According to the external predictions, it can be observed in the Table 8 that the models based on QuBiLSMIDAS indices yield comparabletosuperior performances with respect to the results reported in the literature. Specifically, the models for ACE (\({\text{Q}}_{\text{ext}}^{2}\) = 0.7422), BZR (\({\text{Q}}_{\text{ext}}^{2}\) = 0.5692), COX2 (\({\text{Q}}_{\text{ext}}^{2}\) = 0.4932), GPB (\({\text{Q}}_{\text{ext}}^{2}\) = 0.8283), THER (\({\text{Q}}_{\text{ext}}^{2}\) = 0.7248) and THR (\({\text{Q}}_{\text{ext}}^{2}\) = 0.7674) test sets outperform the best results reported up to date for each dataset previously mentioned, which correspond to COSMOsar3D (\({\text{Q}}_{\text{ext}}^{2}\) = 0.43) in COX2 and to the 2DFPT methodology in the other datasets [(ACE, \({\text{Q}}_{\text{ext}}^{2}\) = 0.713), (BZR, \({\text{Q}}_{\text{ext}}^{2}\) = 0.378), (GPB, \({\text{Q}}_{\text{ext}}^{2}\) = 0.667), (THER, \({\text{Q}}_{\text{ext}}^{2}\) = 0.649) and (THR, \({\text{Q}}_{\text{ext}}^{2}\) = 0.737)]. The 2DFPT models were developed by using SQS framework that determines linear and nonlinear models (see Table 8), while the model corresponding to COSMOsar3D is based on the PLS technique. Even so, the obtained MLR models have better predictive accuracy, even when these are compared with respect to more complex or similar procedures.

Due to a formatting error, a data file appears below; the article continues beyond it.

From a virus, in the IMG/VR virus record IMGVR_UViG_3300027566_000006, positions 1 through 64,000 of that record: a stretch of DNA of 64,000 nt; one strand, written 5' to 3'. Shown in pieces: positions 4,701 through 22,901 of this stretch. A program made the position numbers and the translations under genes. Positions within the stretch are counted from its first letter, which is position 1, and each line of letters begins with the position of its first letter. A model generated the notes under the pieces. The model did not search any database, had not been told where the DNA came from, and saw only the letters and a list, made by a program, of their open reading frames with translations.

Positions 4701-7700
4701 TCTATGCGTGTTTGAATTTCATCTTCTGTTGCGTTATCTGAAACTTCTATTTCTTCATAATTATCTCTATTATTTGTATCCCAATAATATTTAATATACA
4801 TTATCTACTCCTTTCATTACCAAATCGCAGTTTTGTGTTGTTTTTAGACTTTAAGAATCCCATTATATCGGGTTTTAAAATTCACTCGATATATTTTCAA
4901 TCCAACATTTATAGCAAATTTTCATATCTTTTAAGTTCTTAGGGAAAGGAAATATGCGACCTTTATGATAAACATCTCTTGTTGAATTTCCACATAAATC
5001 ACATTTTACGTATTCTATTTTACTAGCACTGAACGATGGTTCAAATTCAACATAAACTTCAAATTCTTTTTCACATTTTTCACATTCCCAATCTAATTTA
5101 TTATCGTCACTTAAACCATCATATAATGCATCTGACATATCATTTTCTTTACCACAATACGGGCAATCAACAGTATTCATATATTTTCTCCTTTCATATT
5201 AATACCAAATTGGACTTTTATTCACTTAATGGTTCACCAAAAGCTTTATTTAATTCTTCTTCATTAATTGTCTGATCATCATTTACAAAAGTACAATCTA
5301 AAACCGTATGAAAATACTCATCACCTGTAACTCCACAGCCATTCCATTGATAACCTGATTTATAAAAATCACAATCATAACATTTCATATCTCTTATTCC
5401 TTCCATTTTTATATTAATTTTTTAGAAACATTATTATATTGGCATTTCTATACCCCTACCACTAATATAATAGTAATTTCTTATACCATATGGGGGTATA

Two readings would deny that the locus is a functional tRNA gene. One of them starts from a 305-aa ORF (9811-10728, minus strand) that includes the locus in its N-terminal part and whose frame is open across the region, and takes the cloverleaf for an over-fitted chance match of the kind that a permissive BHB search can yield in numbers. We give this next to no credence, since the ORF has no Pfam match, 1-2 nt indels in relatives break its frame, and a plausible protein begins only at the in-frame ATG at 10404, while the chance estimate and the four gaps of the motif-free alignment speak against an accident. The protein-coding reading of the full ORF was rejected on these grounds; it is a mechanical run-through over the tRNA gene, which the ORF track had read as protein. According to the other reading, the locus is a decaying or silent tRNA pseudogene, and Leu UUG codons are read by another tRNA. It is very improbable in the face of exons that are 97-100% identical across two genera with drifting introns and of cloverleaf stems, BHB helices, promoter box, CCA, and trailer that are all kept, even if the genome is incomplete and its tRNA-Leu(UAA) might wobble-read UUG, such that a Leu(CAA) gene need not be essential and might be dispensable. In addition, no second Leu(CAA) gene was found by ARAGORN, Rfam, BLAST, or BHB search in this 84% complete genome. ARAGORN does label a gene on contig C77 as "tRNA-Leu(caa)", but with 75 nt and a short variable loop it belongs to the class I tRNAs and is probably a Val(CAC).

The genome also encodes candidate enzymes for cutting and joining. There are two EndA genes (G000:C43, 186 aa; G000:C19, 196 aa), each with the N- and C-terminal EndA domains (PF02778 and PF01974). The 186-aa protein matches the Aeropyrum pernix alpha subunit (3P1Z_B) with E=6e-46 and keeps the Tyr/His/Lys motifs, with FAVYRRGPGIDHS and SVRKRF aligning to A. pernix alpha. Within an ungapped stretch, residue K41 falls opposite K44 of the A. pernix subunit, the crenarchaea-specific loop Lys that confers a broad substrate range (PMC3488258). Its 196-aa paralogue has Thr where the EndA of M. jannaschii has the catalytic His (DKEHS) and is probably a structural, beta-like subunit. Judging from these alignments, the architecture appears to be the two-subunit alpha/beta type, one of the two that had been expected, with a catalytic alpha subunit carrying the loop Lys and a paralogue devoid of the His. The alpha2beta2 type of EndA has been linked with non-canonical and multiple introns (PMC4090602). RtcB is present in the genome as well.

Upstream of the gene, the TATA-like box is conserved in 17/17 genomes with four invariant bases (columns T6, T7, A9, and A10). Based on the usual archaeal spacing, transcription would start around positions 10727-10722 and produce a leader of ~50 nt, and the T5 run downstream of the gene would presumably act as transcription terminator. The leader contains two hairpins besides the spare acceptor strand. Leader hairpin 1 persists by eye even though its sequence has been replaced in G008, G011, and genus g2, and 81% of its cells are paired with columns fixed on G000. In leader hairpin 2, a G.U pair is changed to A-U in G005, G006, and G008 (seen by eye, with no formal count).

As for the ACHE and DHFR datasets, the predictive power obtained for models built with the QuBiLSMIDAS approach is inferior to the best results reported so far in the literature. In the former dataset, the methods 2DFPT (\({\text{Q}}_{\text{ext}}^{2}\) = 0.714), O3Q (\({\text{Q}}_{\text{ext}}^{2}\) = 0.67) and O3A/O3Q (\({\text{Q}}_{\text{ext}}^{2}\) = 0.65) offer better predictions than the proposed model (\({\text{Q}}_{\text{ext}}^{2}\) = 0.6309), albeit this can be considered as suitable (explains 63 % of total variance). Additionally, when the DHFR test set is taken into account the 2DFPT approach (\({\text{Q}}_{\text{ext}}^{2}\) = 0.683) has more predictive ability than the corresponding QuBiLSMIDAS model (\({\text{Q}}_{\text{ext}}^{2}\) = 0.6405), but the latter is superior to the remaining methodologies. Nonetheless, it is important to highlight that the procedures O3Q and O3A/O3Q are alignment dependent and thus their use is generally restricted to congeneric datasets [45]. In the specific case of the 2DFPT methodology for ACHE and DHFR datasets, the achieved results are based on nonlinear models while the proposed outcomes are determined with linear models.